As a baseball fan, I’m angry this morning, but probably not for the same reason that you're angry.
Although his actions are indefensible, I'm not angry at Ryan Braun. He used PEDs, lied about it, then admitted guilt with a canned statement. This wasn’t the first, and won’t be the last time that this exact situation plays itself out again.
Braun probably did use (he got off on a technicality last year), but that isn’t the point. The point is that a player was forced to admit guilt based on the suspicion of involvement with Anthony Bosch’s Biogenesis clinic, while knowing that he didn’t have the backing of his own union.
I don’t like the precedent this sets.
I’ve had an eternal struggle with PEDs and baseball, a sport that I love, for years. When the bubble first burst in the early 2000s, I joined the torch and pitchfork-wielding mob demanding that MLB clean up their game. However, over the last decade, my anger has slowly eroded away. I’m fine with PED testing, but I’ve come to accept that much like the War on Drugs, this is a battle that is never going to fully be won. Players will always be searching for an edge, and as long as the reward continues to outweigh the risk, some will use. Instead of targeting eradication (a pipe dream), I would rather baseball ramp up the testing and the consequences to discourage usage as much as possible.
I want what’s fair. Players are entitled to due process. I have zero issue with punishments for players with positive tests, as long as legitimate proof and due process are requirements. But, Bud Selig & Co. clearly aren’t happy with that. They want to go beyond their testing system, strip the right of due process, and finger anyone who even has a whiff of PED use. As Dave Zirin said in his fantastic piece this morning, a player “carrying the mere appearance of impropriety now carries the Orwellian stigma of being guilty of a ‘non-analytical positive’.” The burden of proof is now on the players – and they don’t even have a union willing to put up a fight for them.
Sadly, by making this his personal crusade, Selig has allowed performance enhancing drugs to dominate baseball. Instead of talking about rising superstars like Manny Machado and Mike Trout, we’re asking if Chris Davis is using. Instead of discussing the Trade Deadline and the wide open pennant races in both leagues, we’re waiting for the other shoe to drop in the Biogenesis fiasco. Selig may think he’s helping the game, but he’s potentially going to cause more harm than good. The ends don’t justify the means. Guilty players might be caught, but how many non-users will be torn down in their wake? Every successful player now has to prove their legitimacy. Sorry, Jeff Bagwell. You were muscular, played in the 1990s, and were teammates with Ken Caminiti. No Hall of Fame for you! Sorry, Mike Piazza. A reporter said he once saw acne on your back in 2003, but not in 2004 once baseball started testing for PEDs. Cheater! You went to the same clinic as Braun and Alex Rodriguez, Nelson Cruz. Prepare for the consequences!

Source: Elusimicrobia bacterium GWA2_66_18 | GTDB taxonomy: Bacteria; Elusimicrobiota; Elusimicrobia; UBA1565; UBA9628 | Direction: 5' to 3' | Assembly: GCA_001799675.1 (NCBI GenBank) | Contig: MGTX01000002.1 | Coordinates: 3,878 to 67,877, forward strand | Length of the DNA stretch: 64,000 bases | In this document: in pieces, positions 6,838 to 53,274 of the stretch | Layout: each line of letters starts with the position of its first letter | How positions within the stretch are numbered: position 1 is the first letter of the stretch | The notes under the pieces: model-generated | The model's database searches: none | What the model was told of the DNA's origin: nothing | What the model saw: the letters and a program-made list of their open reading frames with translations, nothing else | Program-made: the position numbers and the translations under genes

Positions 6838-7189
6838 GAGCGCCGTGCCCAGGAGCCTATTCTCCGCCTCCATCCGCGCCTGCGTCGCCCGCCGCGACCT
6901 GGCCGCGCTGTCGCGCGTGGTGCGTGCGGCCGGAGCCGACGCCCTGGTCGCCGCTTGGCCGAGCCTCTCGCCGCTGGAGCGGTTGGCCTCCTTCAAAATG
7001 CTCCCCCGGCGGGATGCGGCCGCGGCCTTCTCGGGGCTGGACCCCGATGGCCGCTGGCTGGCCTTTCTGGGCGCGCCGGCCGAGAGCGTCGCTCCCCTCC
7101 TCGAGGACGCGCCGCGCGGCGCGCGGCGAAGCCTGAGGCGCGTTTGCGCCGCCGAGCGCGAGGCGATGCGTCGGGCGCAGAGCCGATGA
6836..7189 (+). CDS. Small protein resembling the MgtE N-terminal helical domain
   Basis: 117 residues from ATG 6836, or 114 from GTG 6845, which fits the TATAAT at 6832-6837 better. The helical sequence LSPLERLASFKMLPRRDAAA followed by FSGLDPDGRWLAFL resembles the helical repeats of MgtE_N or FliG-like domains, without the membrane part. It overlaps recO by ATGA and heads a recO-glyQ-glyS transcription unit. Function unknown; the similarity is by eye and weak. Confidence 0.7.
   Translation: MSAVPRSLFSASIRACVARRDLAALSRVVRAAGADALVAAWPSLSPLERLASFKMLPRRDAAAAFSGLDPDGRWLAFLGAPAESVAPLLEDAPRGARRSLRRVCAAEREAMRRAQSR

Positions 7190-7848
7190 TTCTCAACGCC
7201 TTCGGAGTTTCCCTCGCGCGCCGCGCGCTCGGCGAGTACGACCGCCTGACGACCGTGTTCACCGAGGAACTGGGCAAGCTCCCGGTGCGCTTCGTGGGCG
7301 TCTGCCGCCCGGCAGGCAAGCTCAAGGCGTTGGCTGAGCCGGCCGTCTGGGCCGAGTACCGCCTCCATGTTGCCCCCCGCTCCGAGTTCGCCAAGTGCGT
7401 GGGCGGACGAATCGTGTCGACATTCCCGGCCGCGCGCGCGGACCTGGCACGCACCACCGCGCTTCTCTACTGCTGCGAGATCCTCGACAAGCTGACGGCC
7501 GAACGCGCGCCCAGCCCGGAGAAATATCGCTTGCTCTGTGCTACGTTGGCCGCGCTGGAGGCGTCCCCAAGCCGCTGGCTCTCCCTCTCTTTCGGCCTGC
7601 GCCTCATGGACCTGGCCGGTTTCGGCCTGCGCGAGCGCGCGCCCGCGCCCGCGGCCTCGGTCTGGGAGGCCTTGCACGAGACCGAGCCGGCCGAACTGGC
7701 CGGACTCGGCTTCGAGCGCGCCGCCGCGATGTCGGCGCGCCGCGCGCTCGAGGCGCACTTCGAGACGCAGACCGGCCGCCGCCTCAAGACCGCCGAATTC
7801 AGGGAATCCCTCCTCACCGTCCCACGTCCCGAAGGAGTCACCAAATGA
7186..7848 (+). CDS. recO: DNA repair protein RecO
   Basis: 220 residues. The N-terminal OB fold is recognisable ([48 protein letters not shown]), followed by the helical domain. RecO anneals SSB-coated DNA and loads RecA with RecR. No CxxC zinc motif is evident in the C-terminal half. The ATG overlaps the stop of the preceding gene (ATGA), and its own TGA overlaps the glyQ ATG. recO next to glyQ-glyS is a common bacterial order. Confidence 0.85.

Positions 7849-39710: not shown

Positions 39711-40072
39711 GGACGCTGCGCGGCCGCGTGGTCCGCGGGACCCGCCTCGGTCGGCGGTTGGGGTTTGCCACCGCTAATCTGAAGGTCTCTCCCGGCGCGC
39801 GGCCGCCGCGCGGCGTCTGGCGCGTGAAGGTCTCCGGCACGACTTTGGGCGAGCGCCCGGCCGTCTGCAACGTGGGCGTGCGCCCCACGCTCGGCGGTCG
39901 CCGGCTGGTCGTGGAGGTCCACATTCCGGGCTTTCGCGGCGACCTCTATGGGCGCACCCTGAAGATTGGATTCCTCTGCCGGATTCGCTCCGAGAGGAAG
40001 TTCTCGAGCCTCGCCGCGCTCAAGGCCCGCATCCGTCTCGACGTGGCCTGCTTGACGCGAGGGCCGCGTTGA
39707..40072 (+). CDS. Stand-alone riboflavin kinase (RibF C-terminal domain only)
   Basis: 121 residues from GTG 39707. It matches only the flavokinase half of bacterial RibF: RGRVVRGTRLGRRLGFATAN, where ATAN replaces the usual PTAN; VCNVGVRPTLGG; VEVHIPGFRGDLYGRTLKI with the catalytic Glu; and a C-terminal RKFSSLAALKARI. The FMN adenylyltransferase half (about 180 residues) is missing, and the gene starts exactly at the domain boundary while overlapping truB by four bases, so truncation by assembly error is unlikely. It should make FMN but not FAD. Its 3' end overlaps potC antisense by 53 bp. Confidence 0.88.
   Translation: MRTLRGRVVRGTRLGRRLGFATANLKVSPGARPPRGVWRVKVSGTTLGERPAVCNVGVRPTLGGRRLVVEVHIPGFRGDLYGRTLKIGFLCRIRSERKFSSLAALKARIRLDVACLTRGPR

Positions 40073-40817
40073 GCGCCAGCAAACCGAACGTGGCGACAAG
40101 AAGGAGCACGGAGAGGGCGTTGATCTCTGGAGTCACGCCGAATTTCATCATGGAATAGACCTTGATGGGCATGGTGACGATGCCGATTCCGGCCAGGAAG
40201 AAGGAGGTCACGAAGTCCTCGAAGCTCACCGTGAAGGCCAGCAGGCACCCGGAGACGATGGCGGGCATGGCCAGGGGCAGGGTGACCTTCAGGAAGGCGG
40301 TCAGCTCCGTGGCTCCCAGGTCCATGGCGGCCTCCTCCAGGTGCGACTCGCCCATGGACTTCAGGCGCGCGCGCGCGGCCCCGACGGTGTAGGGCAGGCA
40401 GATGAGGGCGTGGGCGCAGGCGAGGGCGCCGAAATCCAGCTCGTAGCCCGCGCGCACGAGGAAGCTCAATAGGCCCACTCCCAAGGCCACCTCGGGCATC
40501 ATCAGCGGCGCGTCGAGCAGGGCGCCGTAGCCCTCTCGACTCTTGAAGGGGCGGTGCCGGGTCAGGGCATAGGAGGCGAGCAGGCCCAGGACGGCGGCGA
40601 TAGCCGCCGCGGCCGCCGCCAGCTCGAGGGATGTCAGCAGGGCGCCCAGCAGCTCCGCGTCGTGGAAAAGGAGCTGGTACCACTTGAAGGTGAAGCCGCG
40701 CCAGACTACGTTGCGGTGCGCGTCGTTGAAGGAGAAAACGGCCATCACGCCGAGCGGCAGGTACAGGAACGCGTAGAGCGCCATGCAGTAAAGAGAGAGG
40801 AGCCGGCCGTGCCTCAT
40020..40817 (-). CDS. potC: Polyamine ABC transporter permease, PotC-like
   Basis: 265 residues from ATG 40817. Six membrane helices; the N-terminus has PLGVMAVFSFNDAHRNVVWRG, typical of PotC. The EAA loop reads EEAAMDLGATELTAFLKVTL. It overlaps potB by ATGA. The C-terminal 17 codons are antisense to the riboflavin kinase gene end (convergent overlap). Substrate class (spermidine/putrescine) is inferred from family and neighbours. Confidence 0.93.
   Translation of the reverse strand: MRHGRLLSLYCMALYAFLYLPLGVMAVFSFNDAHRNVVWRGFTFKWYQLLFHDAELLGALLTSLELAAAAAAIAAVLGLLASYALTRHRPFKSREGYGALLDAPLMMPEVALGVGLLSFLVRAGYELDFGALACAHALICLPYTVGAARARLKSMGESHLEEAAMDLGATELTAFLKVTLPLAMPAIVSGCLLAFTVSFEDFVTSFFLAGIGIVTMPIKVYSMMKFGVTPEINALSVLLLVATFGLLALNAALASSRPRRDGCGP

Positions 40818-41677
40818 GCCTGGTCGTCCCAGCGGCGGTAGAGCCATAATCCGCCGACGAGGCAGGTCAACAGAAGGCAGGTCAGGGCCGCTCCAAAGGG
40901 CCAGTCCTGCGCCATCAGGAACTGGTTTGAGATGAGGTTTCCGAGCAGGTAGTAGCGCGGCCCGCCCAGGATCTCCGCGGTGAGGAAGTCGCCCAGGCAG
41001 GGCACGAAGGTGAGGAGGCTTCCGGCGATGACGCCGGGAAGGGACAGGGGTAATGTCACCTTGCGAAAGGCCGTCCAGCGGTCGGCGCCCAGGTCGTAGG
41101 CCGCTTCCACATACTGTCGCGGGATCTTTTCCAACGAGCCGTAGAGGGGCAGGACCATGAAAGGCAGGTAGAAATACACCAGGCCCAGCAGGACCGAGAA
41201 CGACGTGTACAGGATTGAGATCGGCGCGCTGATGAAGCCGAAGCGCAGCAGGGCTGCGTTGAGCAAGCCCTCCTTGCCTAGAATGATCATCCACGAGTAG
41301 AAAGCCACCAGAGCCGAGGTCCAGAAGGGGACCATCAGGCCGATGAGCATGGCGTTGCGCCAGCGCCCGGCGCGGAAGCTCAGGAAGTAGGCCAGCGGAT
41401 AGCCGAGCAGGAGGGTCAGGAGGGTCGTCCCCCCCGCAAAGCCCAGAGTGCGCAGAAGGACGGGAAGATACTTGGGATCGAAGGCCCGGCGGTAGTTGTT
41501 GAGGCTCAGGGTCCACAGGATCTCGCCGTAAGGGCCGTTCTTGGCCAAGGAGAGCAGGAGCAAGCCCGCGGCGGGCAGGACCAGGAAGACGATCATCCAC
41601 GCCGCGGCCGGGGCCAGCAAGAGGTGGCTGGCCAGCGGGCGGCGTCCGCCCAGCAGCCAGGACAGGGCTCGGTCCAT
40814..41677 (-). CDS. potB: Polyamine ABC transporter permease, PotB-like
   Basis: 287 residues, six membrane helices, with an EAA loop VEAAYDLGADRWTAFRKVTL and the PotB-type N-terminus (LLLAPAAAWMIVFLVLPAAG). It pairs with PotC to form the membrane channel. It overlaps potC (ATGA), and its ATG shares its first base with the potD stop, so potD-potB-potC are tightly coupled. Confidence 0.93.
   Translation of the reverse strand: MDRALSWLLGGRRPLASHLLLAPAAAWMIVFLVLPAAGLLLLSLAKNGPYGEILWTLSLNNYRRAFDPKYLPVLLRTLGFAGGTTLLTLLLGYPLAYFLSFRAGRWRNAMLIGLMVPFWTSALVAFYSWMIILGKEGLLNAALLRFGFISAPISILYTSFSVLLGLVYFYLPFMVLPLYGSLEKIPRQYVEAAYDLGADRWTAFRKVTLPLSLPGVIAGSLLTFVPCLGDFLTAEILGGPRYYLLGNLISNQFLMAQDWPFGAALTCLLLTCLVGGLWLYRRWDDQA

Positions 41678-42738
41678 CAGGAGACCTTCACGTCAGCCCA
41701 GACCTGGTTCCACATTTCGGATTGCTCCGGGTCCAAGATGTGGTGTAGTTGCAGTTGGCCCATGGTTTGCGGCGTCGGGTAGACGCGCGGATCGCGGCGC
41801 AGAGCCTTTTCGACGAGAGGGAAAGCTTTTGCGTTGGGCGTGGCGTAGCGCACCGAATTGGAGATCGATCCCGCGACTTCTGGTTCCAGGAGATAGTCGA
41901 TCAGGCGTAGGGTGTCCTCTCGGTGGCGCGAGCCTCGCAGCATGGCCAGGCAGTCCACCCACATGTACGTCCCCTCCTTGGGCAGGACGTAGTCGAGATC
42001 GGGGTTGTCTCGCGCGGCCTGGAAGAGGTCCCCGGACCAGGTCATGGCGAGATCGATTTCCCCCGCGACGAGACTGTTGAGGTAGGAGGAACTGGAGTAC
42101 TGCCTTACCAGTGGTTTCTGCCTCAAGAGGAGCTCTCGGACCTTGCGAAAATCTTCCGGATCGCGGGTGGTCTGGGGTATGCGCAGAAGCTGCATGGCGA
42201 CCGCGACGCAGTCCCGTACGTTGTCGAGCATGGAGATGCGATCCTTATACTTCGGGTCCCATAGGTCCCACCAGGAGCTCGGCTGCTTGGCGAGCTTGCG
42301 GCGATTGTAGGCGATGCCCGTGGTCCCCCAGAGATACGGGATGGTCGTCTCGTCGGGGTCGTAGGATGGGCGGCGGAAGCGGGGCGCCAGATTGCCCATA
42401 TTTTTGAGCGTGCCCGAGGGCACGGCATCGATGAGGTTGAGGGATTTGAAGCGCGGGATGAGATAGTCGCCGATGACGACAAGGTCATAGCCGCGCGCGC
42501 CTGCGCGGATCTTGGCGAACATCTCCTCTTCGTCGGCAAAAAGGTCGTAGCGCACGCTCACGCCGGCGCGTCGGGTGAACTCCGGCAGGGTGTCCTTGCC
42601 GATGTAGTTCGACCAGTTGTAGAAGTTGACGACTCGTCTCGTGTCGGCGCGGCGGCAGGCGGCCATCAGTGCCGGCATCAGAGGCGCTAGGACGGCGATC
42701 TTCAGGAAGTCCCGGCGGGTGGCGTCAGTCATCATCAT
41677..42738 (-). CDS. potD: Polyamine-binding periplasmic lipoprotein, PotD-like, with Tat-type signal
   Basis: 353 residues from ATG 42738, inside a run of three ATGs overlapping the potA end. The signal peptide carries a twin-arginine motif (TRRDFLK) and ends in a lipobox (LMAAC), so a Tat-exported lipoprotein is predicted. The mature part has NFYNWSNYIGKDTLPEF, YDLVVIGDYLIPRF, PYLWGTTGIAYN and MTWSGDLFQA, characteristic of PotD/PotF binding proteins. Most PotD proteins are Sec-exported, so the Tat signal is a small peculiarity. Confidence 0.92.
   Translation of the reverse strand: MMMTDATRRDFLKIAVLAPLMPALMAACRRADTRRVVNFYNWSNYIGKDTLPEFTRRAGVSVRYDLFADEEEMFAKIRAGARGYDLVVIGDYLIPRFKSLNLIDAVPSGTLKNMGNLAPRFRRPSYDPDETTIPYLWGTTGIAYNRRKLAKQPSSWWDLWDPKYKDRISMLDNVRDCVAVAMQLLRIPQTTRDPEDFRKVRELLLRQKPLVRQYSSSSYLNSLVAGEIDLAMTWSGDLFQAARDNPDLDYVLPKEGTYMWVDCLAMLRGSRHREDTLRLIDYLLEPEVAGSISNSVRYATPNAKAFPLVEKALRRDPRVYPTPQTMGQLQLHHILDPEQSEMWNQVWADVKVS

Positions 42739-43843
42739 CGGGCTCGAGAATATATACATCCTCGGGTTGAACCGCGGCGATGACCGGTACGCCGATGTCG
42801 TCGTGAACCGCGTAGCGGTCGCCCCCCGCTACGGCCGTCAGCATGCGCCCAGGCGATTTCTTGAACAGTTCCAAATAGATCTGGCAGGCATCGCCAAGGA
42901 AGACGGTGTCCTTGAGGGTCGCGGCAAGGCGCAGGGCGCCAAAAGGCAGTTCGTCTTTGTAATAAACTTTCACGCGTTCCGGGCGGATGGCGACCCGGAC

McCarthyism meets Seligism.
Braun may have gotten his, but Major League Baseball is opening up Pandora’s Box with these Biogenesis suspensions. Do we want witch-hunts, unfounded reports, and extortion of information with the elimination of due process and the dissolution of the players union? Even with that, are you ever really going to clean up baseball entirely when users like Braun and Melky Cabrera still earn millions after the fact?
Many are applauding the message that Major League Baseball sent yesterday. I’m not. If baseball has to tear down its players and burn down its game in order to be cleaned up, then I’m not grabbing my torch, nor am I setting any fires.